How should organisations handle getting workers back to the office?

Businesses need to reimagine their workspaces and consult with employees if they are to persuade them to return, says Martin Williams

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Disney, Amazon and Apple are just some of the companies to have made headlines recently as they ask their employees to return to the office. Businesses contemplating a similar move may consider that if an employment contract allows them to determine where the work is done, then any change can be easily carried out. A simple notification of the return should do it. Alas, life is not always so simple.

If we presume that a shift to comprehensive home working was made in response to the Covid epidemic, it would be good to know that the right of recall was incorporated into the temporary arrangement. Essentially, the employer should have said this was temporary, with office-based life still the default. A gradual or hybrid return is common: a slower adjustment back to the before times.

No going back

However, things will never be quite the same again. While many workers would like a return to the office, many would not. They have had a taste of working from home and like it.

Although a contract may say that the office beckons, there can be a point at which reality strikes. Companies will have to remember that they do not hold all the cards. A good worker will know their value; if they enjoy the hybrid life, they will know that someone else will provide that for them, even if their current employer does not.

Individual exceptions can start to creep in, to keep certain individuals happy. That can lead to resentment among those returning to the office in quiet compliance, wishing they could also maintain the hybrid lifestyle. Equally, returning to the office may be better than working at the kitchen table. However, something is amiss when more privileged others stay at home in their purpose-built shed or study. The genie is well and truly out of the bottle.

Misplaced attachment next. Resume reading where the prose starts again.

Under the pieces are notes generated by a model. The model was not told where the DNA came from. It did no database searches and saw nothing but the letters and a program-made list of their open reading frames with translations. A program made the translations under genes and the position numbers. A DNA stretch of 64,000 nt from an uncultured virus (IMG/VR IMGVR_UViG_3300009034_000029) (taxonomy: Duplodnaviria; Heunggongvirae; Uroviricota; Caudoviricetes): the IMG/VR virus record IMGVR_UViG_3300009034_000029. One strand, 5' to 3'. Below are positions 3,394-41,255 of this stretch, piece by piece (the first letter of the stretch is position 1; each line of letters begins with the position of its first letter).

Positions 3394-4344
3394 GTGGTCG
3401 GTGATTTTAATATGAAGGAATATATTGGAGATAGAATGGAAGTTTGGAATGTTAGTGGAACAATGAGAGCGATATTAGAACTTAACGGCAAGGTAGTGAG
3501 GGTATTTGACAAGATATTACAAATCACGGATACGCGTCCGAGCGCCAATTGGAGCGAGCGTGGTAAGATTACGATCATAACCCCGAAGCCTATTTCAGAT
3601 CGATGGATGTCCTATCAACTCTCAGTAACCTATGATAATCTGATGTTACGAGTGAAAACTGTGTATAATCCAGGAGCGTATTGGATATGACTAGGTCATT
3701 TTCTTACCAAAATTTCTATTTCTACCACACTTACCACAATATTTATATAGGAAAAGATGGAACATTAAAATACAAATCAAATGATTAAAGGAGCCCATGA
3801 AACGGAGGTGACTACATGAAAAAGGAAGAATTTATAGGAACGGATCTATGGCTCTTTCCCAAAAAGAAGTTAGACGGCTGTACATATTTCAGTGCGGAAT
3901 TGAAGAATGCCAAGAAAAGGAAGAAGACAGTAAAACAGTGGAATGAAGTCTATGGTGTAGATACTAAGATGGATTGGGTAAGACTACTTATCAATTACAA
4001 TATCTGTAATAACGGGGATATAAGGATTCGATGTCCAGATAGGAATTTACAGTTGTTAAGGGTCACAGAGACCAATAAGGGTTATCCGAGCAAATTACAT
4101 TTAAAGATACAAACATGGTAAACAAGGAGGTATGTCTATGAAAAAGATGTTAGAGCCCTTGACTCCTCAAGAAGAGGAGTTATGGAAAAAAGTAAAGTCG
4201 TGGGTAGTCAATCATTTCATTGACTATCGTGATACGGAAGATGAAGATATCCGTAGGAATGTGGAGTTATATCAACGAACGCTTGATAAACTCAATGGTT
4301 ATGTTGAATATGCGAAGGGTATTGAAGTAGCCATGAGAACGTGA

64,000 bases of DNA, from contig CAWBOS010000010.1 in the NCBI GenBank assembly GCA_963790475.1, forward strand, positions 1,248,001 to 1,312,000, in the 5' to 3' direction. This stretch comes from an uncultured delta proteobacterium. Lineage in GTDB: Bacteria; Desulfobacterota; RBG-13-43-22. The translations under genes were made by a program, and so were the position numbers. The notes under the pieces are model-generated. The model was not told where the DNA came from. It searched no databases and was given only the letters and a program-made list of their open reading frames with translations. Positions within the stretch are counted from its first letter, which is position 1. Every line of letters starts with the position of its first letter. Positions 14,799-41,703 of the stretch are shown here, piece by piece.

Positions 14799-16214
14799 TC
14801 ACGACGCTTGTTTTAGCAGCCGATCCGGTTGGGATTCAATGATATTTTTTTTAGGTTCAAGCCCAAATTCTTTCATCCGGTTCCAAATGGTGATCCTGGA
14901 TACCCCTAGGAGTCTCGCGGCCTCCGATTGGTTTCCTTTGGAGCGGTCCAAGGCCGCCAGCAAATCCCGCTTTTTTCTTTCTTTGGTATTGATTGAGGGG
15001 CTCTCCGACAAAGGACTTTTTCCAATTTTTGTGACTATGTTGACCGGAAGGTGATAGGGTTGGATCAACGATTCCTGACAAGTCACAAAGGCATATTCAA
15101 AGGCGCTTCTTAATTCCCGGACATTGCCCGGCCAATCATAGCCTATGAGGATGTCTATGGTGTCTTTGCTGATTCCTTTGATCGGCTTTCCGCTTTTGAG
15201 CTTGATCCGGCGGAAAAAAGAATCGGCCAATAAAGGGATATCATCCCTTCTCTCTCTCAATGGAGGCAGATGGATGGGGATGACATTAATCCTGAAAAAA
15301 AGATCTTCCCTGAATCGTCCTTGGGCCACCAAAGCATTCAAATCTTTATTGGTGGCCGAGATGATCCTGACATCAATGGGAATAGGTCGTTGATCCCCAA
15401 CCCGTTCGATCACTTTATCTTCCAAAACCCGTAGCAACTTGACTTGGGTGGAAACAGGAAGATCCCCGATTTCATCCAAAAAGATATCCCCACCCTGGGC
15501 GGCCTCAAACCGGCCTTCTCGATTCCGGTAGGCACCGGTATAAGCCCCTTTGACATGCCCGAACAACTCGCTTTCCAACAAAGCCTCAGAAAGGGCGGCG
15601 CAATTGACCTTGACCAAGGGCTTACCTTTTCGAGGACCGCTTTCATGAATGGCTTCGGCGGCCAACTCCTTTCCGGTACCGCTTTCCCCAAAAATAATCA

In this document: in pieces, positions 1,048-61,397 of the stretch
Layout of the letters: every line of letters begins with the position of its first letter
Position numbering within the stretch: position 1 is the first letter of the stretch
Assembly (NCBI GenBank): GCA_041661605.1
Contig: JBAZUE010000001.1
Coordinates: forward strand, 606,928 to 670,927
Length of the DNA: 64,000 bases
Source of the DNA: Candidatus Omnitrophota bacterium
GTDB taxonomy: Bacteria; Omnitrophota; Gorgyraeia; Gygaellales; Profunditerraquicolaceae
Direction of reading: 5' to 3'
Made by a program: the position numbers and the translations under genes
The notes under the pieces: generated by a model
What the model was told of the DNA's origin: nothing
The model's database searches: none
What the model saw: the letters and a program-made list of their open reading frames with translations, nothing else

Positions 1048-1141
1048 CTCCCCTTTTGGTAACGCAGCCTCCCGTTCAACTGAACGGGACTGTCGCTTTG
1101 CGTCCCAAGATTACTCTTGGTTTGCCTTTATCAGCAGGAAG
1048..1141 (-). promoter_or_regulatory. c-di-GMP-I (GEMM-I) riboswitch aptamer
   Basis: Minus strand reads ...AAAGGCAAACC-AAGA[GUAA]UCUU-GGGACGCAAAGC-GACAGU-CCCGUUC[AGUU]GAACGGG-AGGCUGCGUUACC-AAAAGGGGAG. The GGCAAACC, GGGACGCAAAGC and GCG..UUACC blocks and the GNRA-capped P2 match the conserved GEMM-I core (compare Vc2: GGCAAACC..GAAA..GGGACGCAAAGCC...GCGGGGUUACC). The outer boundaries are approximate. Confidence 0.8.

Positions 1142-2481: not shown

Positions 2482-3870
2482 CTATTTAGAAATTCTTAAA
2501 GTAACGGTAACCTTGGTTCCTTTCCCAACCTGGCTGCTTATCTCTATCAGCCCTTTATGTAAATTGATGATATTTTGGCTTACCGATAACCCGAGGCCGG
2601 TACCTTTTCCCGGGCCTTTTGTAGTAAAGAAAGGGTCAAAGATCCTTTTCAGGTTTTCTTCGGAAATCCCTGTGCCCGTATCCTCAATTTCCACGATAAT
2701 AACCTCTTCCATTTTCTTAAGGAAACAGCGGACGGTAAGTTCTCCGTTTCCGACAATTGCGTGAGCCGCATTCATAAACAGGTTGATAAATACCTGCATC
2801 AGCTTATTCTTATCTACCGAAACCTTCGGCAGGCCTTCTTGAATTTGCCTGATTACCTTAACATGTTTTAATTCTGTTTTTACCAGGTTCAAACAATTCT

To make sure any declared moves back to the office have credibility, the reasons for doing so need to be well founded. This may sound like stargazing stuff, but what is the purpose of the office? What makes it a place that people want to be at if there are alternatives, with the great home-working experiment of the last few years?

This is no one-size-fits-all answer. If employers merely want to justify the investment in real estate, that will not cut it for most people. There is a dynamic labour market at present. Those with lots to offer have the ability to choose with whom they work, and where and how they do it. In that respect not much has changed, but the numbers in this category have grown.

If an office is set up as a hub for improved collegiality it becomes wonderfully attractive. But if all there is to return to is a partitioned cubby with lines of desk jockeys, it is a hard sell. 

Time to rethink

The office has to be reimagined. Social space is increasingly required. The reason for having workers under one roof is so they can interact more easily. We are sociable animals and working in-person together is a creative and productive process. Spontaneity of interaction is obviously easier when in-person appointments do not need advance warning. Of course one person’s spontaneous conversation can be another’s interruption, but that is the joy of working with others.

The purpose of an office was easier to define when we relied on paper. For those who still do nothing much has changed – they were probably back at their desks fairly swiftly anyway. For those keyboard workers who can work virtually, times are different. Here there is a need to address the way of working and what each employer gains by being more flexible. 

All aspects of work need to be considered. Not everyone will be treated the same. Job roles vary. Thinking about how the work is best done will lead to improvements. Now is a golden opportunity to rethink.

But thinking is not something to do alone. Consultation is far better than imposition, even with a contract in place. If that consultation is carried out in-person, an employer will already have shown one of the key benefits of being together in an office. 

Martin Williams is a partner and head of employment at Mayo Wynne Baxter